- A US Border Patrol agent assigned to Tucson, Arizona, was arrested and charged with drug trafficking after he was found with thousands of pills and substances that tested positive for cocaine, heroin, and fentanyl.
- Roughly 350,000 pills that tested positive for fentanyl were found in bags that were transferred from the agent’s car.
- Agents found nearly $US330,000 in his home and $US40,000 in his vehicle.
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A US Border Patrol agent assigned to Tucson, Arizona, was arrested and charged with drug trafficking after he was found with thousands of pills and substances that tested positive for cocaine, heroin, and fentanyl.
Carlos Victor Passapera Pinnot, 53, left his home around 3:15 a.m. on Sunday and drove to the Phoenix Sky Harbour International Airport, where he placed two duffel bags into another vehicle, the Justice Department said in a press release.
The driver of the second vehicle was stopped by law enforcement officials, and the bags were searched.
The contents included substances that tested positive for an assortment of drugs, including 21 kilograms of cocaine, one kilogram of heroin, and one kilogram of fentanyl. Roughly 350,000 pills that tested positive for fentanyl were found in the bags.
Pinnot was arrested that same day, and his home was searched. Agents found nearly $US330,000 in his home and $US40,000 in his vehicle, the Justice Department said. The FBI, Department of Homeland Security, and the Drug Enforcement Administration (DEA) took part in the investigation.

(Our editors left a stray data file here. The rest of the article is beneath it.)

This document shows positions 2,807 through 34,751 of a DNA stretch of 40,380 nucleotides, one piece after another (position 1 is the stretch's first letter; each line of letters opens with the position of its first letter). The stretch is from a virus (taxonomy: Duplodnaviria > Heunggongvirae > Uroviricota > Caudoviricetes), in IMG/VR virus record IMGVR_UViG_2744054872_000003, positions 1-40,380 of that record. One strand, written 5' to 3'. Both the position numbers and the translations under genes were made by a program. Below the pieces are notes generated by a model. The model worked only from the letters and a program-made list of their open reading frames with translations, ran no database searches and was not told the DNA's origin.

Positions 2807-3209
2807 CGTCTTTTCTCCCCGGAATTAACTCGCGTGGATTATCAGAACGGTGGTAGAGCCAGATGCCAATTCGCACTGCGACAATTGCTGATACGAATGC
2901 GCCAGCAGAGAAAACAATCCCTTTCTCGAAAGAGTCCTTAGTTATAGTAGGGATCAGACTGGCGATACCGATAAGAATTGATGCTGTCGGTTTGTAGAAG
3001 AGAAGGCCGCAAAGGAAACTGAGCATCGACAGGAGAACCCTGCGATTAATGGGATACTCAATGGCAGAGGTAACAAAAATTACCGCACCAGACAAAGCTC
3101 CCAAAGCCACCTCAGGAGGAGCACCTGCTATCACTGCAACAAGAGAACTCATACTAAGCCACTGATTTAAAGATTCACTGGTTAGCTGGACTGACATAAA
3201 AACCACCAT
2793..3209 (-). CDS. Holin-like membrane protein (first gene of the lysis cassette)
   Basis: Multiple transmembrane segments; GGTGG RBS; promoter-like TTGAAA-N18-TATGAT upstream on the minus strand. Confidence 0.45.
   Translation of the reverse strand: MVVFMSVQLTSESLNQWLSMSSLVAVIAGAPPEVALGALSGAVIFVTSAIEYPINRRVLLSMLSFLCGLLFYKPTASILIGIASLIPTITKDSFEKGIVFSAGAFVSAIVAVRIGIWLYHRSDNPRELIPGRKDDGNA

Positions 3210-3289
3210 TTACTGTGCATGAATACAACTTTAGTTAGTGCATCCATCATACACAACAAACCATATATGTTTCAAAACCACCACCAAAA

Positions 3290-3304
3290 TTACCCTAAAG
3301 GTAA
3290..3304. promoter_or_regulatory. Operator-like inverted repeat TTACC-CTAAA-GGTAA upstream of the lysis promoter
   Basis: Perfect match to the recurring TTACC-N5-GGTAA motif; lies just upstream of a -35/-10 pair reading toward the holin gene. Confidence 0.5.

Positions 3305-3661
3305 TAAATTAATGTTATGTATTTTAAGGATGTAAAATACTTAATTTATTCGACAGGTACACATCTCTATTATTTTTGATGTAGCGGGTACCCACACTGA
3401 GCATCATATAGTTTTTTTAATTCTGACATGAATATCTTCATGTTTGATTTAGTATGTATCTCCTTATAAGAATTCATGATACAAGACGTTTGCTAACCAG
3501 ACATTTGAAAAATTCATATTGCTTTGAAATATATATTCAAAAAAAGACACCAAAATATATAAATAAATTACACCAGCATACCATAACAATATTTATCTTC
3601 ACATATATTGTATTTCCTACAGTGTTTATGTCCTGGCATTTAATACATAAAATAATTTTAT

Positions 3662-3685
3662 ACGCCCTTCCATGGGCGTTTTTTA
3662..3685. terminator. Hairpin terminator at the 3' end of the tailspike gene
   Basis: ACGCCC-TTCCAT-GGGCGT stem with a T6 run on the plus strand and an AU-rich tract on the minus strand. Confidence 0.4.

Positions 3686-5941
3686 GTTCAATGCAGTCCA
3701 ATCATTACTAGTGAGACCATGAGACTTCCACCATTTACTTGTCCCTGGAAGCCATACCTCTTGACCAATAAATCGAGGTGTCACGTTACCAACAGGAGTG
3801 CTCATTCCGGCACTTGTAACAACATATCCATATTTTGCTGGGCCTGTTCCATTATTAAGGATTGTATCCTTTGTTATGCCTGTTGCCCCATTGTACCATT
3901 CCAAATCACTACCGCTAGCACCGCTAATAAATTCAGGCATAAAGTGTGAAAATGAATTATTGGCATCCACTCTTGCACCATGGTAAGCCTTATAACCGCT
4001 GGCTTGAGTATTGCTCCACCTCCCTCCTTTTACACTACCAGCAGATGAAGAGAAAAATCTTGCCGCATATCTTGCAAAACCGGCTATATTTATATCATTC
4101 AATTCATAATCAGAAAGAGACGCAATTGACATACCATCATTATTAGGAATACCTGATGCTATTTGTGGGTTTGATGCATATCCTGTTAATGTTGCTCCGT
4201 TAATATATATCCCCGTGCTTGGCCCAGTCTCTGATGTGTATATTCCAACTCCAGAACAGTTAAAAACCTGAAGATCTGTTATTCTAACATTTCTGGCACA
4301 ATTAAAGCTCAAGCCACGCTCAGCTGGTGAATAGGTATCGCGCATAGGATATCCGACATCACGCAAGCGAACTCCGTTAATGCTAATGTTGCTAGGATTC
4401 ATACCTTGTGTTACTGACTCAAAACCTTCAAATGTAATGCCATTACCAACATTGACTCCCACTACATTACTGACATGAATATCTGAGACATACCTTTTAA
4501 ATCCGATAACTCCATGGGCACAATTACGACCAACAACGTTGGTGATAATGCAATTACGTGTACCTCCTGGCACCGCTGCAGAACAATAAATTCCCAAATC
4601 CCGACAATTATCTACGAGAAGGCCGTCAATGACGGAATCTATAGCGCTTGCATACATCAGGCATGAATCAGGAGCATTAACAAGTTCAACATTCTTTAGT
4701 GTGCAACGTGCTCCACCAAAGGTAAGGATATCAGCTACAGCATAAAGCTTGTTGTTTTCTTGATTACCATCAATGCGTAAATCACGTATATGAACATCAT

If convicted, Pinnot could face a minimum prison sentence of 10 years and a maximum of life in prison.
Other Border Patrol agents have been arrested on charges of possessing drugs. In 2018, a Border Patrol agent based in San Diego, California, was charged with possessing heroin, according to KMGH-TV. Agent Brandon Herrera was found unconscious in a pickup truck parked on the street, law enforcement officials reportedly said at the time.
In a separate incident in 2016, Texas-based US Border Patrol agent Eduardo Baza Jr. was arrested on suspicion of lying about a drug bust nearly a decade earlier, according to KUTV.
Bazan admitted to being a part of a drug ring, one that confiscated authentic cocaine from dealers and then created a watered-down version. That weaker substance was planned to be seized by officials and the stronger drug would be sold in the black market, according to The Dallas Morning News and The McAllen Monitor.
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